When lap swimming the challenge is to keep count, not let the tedium discourage you or trick you into adding a few extra laps. In the ocean the challenge is keeping the line. I breathe only on the left and consequently have a strong tendency to steer left. As a result I probably burn up more energy than everyone else. Motivated by the story I read of the swimmer who swam around Manhattan Island breathing only on the left and thus only got to see the lowlands of New Jersey and Long Island, I have been teaching myself to breathe on both sides.
The yellow marker is too far away for me to see so I line up the straggly palms near the surf club and stroke by stroke creep back towards the beach. I find myself taking two extra strokes before each breath. Perhaps it is a sign that I have found my rhythm. I suspect it is a sign that my body is slowly shutting down with the cold. I pull ahead of the group and don’t stop to wait. I worry if I do I may not get going again.
When I pull up back up on the beach I discover I have been in the water for one hour and 25 minutes and have swum close to three kilometres. I have no idea it has been that long. I am cold. My jaw aches and I can only grin. Talking is out of the question. My fingers hardly work and getting the wetsuit off is an ordeal. But I feel good, even better after some hi-carb morning tea and hot coffee. My body hums for the rest of the day.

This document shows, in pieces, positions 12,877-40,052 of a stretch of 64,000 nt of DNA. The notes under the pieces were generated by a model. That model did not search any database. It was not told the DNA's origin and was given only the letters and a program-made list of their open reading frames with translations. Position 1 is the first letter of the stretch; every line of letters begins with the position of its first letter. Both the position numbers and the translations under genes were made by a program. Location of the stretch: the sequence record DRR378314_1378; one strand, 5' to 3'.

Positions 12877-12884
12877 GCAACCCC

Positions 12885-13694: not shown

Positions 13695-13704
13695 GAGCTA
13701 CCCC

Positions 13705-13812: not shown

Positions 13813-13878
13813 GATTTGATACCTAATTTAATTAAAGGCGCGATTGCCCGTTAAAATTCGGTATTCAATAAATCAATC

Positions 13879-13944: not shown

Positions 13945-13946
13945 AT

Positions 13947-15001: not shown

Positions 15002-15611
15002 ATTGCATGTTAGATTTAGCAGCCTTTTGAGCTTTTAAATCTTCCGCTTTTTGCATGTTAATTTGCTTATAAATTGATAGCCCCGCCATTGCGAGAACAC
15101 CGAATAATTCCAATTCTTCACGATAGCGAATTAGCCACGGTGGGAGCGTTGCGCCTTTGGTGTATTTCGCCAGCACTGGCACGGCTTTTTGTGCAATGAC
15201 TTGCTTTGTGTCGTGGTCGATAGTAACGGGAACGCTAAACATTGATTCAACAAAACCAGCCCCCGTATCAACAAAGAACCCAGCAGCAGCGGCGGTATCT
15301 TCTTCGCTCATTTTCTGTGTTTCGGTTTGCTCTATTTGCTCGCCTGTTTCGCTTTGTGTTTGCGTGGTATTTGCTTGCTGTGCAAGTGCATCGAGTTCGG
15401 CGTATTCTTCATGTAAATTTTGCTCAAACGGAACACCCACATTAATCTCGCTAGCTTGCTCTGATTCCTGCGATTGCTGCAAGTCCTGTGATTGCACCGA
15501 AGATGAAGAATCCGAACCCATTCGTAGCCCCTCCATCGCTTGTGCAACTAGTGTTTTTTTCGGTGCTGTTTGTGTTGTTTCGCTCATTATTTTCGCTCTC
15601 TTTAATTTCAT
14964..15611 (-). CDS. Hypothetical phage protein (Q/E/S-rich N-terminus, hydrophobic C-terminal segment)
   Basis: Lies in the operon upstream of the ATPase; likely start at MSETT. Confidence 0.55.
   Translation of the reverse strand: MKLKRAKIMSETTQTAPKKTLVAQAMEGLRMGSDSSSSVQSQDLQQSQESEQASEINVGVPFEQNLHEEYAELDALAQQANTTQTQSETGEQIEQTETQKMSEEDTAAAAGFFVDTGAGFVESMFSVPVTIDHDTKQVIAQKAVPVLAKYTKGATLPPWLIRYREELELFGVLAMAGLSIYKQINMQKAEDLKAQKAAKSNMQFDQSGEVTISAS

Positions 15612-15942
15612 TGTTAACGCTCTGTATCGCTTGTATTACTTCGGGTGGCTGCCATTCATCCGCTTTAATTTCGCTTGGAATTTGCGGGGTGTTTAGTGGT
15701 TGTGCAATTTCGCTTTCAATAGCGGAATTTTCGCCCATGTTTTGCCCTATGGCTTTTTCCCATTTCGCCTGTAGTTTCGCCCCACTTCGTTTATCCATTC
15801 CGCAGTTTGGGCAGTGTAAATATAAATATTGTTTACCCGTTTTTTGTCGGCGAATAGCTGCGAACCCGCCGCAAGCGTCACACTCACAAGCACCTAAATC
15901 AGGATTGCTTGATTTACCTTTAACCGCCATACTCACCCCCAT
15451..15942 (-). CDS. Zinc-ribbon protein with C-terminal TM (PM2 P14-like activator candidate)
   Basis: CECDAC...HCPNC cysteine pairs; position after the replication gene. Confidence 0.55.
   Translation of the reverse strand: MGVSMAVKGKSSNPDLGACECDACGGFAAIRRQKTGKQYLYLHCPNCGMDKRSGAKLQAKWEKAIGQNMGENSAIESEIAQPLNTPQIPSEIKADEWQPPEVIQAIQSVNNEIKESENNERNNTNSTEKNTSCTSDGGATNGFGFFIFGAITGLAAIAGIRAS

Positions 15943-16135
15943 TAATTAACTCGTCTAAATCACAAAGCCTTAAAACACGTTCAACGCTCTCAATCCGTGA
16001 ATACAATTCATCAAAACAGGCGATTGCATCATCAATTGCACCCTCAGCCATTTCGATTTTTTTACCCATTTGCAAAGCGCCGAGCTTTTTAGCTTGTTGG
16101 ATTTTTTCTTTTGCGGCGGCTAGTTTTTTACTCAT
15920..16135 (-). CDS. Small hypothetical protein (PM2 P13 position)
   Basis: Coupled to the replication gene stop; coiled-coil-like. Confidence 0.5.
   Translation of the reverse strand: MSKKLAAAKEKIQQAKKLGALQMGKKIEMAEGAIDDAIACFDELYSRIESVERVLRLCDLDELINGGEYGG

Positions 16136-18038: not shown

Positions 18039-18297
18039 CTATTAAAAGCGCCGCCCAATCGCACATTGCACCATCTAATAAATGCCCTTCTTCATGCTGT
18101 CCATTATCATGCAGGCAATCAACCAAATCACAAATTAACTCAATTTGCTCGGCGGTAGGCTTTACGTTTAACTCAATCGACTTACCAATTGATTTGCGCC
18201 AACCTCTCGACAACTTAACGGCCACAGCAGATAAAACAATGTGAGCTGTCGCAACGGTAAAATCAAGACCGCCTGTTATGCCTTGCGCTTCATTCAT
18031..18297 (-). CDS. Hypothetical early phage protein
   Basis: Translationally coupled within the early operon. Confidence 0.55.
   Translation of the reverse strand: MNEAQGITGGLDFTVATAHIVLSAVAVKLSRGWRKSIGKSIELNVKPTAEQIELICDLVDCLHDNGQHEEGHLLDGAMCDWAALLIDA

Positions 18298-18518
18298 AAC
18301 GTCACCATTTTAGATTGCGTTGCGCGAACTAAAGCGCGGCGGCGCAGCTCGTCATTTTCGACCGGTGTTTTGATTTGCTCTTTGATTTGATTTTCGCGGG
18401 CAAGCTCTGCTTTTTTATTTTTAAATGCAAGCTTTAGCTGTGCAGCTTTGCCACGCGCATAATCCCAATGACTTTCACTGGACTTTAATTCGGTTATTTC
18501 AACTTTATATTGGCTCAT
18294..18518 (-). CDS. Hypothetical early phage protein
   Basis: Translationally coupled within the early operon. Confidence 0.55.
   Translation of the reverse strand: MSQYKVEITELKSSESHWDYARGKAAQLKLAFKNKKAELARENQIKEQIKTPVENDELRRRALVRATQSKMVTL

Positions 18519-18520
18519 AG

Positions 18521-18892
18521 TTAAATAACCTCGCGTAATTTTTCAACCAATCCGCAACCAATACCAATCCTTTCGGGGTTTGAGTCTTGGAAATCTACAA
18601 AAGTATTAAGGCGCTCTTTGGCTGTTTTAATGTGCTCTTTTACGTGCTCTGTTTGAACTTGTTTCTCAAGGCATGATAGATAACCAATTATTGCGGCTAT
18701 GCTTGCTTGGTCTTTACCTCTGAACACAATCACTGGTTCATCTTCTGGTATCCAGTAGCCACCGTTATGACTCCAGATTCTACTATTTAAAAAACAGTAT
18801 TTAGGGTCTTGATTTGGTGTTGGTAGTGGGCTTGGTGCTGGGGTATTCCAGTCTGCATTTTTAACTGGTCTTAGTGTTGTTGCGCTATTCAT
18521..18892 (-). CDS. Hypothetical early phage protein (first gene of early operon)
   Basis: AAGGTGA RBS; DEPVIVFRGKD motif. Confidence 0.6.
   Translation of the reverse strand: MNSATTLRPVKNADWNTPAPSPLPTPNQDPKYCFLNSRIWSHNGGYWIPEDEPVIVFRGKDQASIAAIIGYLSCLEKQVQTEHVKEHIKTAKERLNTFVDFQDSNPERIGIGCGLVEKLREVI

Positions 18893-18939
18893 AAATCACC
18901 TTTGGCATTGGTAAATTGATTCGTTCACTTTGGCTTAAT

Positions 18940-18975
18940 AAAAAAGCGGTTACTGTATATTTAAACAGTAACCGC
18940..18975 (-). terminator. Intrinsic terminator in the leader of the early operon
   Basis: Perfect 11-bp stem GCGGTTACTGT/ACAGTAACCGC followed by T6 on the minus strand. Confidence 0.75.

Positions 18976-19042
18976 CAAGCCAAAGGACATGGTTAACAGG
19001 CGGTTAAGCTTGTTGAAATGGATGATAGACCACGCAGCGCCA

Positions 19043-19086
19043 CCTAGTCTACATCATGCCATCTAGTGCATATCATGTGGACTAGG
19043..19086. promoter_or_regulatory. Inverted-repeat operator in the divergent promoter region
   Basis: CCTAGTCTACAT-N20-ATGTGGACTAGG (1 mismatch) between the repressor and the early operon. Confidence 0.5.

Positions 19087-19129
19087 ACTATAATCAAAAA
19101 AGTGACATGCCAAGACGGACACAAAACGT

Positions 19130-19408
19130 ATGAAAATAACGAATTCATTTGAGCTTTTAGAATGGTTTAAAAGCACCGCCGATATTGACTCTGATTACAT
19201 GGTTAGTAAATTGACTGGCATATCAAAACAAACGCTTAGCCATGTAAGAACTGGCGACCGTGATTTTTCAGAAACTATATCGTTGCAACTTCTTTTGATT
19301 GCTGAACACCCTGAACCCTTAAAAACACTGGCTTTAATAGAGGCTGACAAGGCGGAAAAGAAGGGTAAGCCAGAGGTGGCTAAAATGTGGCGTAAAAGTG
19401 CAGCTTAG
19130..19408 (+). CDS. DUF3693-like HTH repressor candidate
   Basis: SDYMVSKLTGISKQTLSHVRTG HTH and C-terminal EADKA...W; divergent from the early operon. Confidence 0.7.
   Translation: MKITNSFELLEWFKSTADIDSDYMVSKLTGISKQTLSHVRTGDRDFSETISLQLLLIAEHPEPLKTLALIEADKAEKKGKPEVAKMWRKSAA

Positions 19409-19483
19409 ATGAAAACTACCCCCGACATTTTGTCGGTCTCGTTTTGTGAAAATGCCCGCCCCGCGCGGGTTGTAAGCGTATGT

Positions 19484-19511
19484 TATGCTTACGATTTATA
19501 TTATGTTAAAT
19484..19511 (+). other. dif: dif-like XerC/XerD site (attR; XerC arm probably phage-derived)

In a couple of weeks it will be my 52nd birthday. I plan to mark the occasion with another swim at Williamstown. By then the water temperature will have crept up a degree or two. If we decide to head east I will make it past the footy ground and, this time, push beyond the rocks. I will see the Ferris wheel. I will continue going about my father’s business.
WINTER’S HOWLING WINDS
Howling winds as banshees cry
rolling clouds fill the sky
rumbling bubbling trouble unfolding
dark and threatening drama beholding
expectancy of danger near
anxiety builds to fuel the fear
rain lashing penetrates
spraying soaking isolates
waves pounding shoreline foaming
not a soul out there roaming
chill embraces senses numb
ominous signs Winter’s come
Kevin Moran, Willy Dolphin